VMware Builds Out Virtualization for Servers, Storage, Networking
August 26, 2013
VMware officials are unveiling a host of offerings aimed at giving organizations the necessary tools to create software-defined data centers for their cloud computing deployments.
On the first day of the VMworld 2013 show in San Francisco Aug. 26, company officials introduced new virtualization software offerings for the infrastructure layer, as well as software solutions for better managing and automating resources in the data center.
The offerings come at a time when 77 percent of VMware customers are expanding their use of virtualization beyond servers and into storage and networking, according to Peter Wei, senior director of product marketing at the giant virtualization technology vendor. It also comes at a time when the idea of software-defined data centers (SDDCs)—where all the components are virtualized, and management of the environment is done via software—is gaining traction among not only tech vendors, but also from companies that are growing their use of private, public and hybrid clouds.
Intel officials during a conference on data centers talked about the trend toward SDDCs, and Avaya this week at VMworld will be demonstrating its own SDDC framework, which will be based on the OpenStack platform and the company’s own Fabric Connect technology.
The movement is fueled by the rapid growth in the number of applications, users and devices that are tapping into the data center infrastructure, which is driving the demand for IT as a service, Wei said. Within this cloud-based and mobile environment, the IT requirements include the need to be able to quickly provision a production environment and the applications that run in it, to deploy any workload at any time and anywhere, and to enable any end user to use any device to use any application automatically.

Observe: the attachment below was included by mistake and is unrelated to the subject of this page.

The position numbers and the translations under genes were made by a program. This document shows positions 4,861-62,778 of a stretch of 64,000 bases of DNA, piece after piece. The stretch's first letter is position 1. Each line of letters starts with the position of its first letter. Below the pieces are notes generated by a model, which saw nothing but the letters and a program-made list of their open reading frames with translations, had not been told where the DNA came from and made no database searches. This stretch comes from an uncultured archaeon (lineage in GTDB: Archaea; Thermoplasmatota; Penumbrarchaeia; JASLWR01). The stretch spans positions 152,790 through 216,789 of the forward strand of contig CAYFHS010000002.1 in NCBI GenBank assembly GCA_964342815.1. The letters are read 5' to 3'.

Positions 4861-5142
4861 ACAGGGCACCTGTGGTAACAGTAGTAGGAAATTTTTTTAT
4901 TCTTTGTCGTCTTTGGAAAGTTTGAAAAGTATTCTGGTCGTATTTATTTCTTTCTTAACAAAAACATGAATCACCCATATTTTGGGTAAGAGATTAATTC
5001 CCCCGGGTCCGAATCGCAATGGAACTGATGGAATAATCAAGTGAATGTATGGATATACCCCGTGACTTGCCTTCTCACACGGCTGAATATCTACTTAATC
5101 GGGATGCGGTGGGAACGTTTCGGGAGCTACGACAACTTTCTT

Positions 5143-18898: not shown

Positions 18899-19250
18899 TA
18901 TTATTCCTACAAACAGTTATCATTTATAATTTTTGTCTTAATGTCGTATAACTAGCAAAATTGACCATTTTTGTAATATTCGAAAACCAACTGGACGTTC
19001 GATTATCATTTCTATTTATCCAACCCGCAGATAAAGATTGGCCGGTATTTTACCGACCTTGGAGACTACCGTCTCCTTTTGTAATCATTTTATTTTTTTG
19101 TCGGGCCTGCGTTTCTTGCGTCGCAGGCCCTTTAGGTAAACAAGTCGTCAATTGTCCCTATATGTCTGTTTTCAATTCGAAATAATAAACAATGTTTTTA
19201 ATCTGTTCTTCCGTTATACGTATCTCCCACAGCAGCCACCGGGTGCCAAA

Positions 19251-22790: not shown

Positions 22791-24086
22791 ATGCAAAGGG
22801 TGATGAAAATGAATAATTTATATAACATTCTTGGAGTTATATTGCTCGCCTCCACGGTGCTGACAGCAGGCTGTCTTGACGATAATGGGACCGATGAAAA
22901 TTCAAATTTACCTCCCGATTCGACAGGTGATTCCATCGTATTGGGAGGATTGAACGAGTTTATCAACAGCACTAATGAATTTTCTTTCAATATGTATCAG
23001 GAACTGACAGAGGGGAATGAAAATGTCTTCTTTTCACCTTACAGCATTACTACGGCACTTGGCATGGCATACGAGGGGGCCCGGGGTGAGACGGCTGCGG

“They want a Google-like infrastructure,” he told eWEEK.
With that in mind, VMware officials are rolling out offerings that address both the infrastructure as well as the management needs. On the infrastructure side, VMware is announcing new and enhanced virtualization offerings for servers as well as storage and networking.
On the compute side, VMware officials are unveiling vSphere 5.5, which includes support for such next-generation applications as Hadoop via the platform’s vSphere Big Data Extensions. The goal is to enable organizations to virtualize all types of workloads on the vSphere platform, including big data applications, Wei said. In addition, VMware is addressing the needs of businesses that want to virtualize more of their business-critical applications—such as SAP, Oracle, Java and Microsoft workloads—including making it easier for them to move the applications between virtual machines, pooling Flash resources and making the software more available via the vSphere App High Availability feature.